It’s a well-known fact that Turkish culture revolves around tea. Turks drink it for breakfast (coffee is for after breakfast if you are a Turk). They drink it after meals. They drink it between meals, at bus stations, while waiting in line at the electric company setting up their utility service (yup, even there). In short, you are never more than four steps away from Turkish tea.
Now I like tea, but I don’t love it. And when I drink tea, Turkish tea is not my favorite. This is blasphemy in Turkey, so please don’t spread it around. But I long ago stopped worrying about fitting in or breaking rules, so I tend to turn down tea when it’s offered. I prefer to use my daily caffeine quota on really good coffee.
Sometimes you have to drink the tea.
When that nice shopkeeper you rush past every day, the one who greets you with a cheerful “hello” or “happy holidays!”, who picked you up when you tripped over the uneven sidewalk and went flying through the air--when he offers you tea for the 100th time, you have to drink the tea.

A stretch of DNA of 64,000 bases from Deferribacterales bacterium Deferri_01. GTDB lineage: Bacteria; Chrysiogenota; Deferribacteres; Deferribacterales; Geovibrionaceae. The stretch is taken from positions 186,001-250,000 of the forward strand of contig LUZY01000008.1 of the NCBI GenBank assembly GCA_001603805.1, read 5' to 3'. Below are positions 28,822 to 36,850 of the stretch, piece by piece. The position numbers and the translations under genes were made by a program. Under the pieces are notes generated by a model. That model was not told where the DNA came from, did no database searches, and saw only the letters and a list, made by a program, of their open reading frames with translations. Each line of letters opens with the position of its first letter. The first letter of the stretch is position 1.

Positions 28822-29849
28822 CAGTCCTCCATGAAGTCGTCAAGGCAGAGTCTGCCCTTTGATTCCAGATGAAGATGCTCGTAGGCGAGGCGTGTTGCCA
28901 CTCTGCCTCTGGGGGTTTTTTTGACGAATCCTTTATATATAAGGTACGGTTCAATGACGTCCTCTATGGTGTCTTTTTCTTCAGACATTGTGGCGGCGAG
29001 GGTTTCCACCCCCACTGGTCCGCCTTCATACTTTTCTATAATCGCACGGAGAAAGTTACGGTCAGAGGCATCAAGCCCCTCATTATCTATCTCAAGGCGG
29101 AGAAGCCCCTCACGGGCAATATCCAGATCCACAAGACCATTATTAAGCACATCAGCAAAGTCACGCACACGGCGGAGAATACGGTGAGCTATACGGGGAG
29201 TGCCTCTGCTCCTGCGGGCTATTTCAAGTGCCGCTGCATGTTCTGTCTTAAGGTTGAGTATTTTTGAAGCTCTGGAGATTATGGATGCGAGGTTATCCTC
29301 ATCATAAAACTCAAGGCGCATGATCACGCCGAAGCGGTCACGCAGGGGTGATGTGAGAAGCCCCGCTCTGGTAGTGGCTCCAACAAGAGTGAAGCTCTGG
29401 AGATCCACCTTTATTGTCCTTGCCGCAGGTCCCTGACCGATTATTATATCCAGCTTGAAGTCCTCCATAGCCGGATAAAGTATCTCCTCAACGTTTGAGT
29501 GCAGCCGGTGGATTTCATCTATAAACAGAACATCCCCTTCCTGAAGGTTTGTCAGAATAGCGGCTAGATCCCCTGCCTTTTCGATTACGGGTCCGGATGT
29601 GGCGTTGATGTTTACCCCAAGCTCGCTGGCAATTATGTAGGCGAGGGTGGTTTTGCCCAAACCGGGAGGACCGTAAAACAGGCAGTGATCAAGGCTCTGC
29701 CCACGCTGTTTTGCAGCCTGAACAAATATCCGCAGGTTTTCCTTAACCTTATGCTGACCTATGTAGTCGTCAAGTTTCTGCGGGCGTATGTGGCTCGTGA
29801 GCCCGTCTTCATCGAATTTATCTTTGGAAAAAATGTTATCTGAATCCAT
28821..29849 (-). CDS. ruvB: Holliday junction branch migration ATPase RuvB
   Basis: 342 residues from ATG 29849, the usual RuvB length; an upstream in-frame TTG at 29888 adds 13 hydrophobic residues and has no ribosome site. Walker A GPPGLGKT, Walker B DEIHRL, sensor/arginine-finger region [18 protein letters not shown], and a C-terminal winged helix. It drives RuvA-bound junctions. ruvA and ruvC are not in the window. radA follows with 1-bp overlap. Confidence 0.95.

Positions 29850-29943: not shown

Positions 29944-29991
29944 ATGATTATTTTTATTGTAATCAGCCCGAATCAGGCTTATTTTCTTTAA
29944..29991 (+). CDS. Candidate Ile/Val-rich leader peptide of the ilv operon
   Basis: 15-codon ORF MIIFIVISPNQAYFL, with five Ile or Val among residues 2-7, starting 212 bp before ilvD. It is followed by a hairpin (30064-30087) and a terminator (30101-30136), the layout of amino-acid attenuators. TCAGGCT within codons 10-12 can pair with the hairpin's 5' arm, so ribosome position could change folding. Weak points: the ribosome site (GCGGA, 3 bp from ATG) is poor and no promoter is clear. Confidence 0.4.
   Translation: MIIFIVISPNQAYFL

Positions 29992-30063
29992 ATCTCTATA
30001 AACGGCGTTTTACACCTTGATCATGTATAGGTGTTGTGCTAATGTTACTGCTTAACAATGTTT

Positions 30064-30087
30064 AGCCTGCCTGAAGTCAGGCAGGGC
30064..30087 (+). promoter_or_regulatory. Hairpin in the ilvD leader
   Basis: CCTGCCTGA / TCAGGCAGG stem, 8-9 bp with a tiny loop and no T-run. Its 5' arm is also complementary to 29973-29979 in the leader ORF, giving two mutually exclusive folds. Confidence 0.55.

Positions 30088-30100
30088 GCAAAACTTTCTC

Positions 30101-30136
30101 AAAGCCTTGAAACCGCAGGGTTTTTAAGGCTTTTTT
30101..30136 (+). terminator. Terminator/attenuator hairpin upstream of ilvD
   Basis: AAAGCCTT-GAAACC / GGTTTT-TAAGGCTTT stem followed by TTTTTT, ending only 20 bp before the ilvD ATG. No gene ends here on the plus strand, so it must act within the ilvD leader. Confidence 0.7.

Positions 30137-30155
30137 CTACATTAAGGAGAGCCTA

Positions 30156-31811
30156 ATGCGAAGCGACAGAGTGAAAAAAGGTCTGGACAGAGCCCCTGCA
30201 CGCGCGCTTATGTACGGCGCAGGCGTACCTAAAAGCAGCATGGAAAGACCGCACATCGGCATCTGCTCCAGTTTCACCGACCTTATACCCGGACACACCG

Or the nice waiter, who waits on you every day, greets you by name, remembers not only your favorite meal but also which drink you order with which entree--when he brings you tea, you drink the tea. Even if it’s going to make you a little bit late getting back to the office.
Because it’s not about the tea. It's about slowing down and having a chat. Getting to know the people you’re surrounded by daily or catching up with friends. Offering hospitality. Drinking tea is a social activity.
So this holiday season, remember: it’s not about the perfectly cooked turkey, the goose, or the perfect holiday centerpiece. In fact, isn’t it the holiday disasters we remember best? In my family an especially fond memory is of the time the turkey was stuck in the pan and the energy needed to pry it loose caused it to fly across the kitchen splat into a wall. No one remembers how that turkey tasted that year.
It’s the slowing down and sharing of our lives that really matters. Even if it’s only for the time it takes to drink a tiny glass of tea.